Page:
Israel's wild boars are perhaps Israeli farmers greatest enemies, ransacking fields in search of food. But despite the damage they cause, they play an important ecological role in spreading wild flower seeds, according to a new study carried out at the Ramat Hanadiv park near Zichron Yaakov.
The survey, by Guy Dovrat of the University of Haifa's biology and environment department, appeared in the most recent issue of the Hebrew-language journal Ecology and Environment. Wild boars were chosen for the study because they are among the last big mammals surviving in large numbers in Israel. They consume large quantities of herbaceous foods.
The boars disperse wild flowers seeds that cling to their fur and in their excretions.
The Ramat Hanadiv study, in which Prof. Avi Perevolotsky of the Volcani Institute and Prof. Gidi Ne'eman of the University of Haifa-Oranim also took part, included continuous monitoring at Ramat Hanadiv of the content of the dung excreted by a herd of wild boars. Wild flower seeds found in the dung were then germinated to track which flowers developed from them.
In another study done in the area, wild boars in Ramat Hanadiv were trapped and tranquilized. Dovrat then used this opportunity to comb the boars and collect seeds from their fur. According to him, "everything was done with veterinary supervision and in coordination with a ranger from the Israel Nature and Parks Authority. The boars were returned to the wild."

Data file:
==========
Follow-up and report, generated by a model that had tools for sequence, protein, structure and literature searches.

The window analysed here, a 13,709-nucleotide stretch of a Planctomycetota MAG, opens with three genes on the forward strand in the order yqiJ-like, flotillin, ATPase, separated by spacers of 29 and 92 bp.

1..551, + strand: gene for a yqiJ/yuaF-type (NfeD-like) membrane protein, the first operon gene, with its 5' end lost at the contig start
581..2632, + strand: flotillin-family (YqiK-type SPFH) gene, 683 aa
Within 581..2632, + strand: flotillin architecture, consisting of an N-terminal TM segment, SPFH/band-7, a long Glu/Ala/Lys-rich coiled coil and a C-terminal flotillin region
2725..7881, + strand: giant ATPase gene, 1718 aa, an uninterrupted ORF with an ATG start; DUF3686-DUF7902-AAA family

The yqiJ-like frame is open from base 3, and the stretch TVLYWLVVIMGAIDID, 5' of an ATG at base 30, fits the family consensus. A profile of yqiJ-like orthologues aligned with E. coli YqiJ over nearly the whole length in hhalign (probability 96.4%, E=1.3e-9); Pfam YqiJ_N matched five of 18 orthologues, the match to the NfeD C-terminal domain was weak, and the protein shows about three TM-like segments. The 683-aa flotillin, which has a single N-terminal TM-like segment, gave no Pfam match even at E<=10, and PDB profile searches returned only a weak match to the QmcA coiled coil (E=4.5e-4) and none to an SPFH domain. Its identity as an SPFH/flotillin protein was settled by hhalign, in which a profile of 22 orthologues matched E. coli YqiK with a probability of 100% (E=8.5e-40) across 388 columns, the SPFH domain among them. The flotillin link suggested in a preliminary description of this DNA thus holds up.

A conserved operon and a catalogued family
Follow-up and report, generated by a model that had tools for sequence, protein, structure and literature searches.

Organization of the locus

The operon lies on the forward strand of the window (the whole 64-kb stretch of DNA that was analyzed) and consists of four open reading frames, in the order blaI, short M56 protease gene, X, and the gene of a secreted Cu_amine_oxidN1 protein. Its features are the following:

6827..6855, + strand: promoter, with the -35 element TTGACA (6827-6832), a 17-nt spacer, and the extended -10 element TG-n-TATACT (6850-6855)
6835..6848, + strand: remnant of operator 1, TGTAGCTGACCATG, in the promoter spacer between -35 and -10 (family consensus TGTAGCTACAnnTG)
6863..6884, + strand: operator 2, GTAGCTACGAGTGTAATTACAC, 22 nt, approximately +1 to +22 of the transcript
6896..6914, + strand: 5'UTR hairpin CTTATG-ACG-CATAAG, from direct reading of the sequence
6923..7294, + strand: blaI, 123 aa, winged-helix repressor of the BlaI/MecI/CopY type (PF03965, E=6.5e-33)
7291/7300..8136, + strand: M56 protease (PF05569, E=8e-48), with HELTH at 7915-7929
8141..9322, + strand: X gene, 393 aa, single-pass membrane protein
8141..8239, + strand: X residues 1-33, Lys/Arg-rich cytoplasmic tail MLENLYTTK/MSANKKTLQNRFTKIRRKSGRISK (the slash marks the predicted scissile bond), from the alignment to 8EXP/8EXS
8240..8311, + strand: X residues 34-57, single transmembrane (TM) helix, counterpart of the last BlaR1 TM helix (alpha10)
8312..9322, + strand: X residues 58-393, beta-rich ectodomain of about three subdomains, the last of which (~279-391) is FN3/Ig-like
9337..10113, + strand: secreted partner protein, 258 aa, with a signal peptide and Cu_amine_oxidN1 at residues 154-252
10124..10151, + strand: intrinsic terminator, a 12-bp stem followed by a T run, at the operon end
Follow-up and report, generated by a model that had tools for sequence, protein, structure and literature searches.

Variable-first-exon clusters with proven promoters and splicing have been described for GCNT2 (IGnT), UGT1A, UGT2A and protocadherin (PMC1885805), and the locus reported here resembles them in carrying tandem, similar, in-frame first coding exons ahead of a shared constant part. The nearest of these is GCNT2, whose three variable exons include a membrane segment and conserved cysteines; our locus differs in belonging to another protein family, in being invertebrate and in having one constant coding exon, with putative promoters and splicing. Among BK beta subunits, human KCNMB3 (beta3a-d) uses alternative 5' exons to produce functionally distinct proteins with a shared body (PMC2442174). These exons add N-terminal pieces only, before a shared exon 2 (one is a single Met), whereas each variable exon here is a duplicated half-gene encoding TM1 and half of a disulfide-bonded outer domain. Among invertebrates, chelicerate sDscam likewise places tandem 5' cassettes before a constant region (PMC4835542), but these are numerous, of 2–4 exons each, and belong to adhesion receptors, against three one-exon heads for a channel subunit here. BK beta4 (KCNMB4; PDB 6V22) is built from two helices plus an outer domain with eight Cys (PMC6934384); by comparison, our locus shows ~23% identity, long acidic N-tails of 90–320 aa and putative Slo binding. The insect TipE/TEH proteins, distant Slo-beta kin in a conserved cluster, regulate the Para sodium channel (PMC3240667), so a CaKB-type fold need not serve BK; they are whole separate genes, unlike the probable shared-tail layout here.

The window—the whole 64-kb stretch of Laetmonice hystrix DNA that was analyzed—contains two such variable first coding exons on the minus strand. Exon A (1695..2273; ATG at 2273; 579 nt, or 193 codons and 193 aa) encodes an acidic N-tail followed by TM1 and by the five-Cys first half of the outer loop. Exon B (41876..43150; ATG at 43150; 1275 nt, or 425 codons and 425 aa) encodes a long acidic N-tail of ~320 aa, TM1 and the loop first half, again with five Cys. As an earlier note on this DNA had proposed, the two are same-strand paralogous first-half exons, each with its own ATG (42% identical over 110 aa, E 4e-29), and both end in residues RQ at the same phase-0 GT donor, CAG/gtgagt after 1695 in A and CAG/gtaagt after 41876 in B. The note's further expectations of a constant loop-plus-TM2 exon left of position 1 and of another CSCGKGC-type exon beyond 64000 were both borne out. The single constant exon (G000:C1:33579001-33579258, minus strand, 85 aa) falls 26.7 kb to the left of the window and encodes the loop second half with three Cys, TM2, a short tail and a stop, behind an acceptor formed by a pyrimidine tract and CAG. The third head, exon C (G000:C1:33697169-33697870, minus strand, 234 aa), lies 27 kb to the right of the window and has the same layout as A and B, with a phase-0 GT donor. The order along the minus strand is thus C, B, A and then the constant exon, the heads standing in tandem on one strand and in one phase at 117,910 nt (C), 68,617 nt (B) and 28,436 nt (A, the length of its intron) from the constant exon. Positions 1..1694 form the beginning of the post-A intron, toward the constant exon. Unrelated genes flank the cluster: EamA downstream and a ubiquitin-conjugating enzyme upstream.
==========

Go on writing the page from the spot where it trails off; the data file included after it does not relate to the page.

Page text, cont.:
These seeds were also germinated in a nursery.
The result of the survey found that the boars carried in their digestive tracts or on their fur seeds from over 30 species, some from trees whose fruits the boars eat, and some from annual plants, some of which are also dispersed by the wind. Most of the species dispersed through the digestive tract were non-local varieties that were imported to Israel and spread to open spaces. The species found on their fur were local.
The survey concluded that the wild boars play an important role in spreading wildflower seeds to greater distances. However, this dispersal also poses an ecological risk, because the boars may also help disperse invasive plants that overpower local species.
According to the researchers, the boars can serve as a bridge between isolated areas of wildflowers and help solidify new growth habitats. Therefore it is important to protect them in the areas that serve as ecological corridors between nature reserves.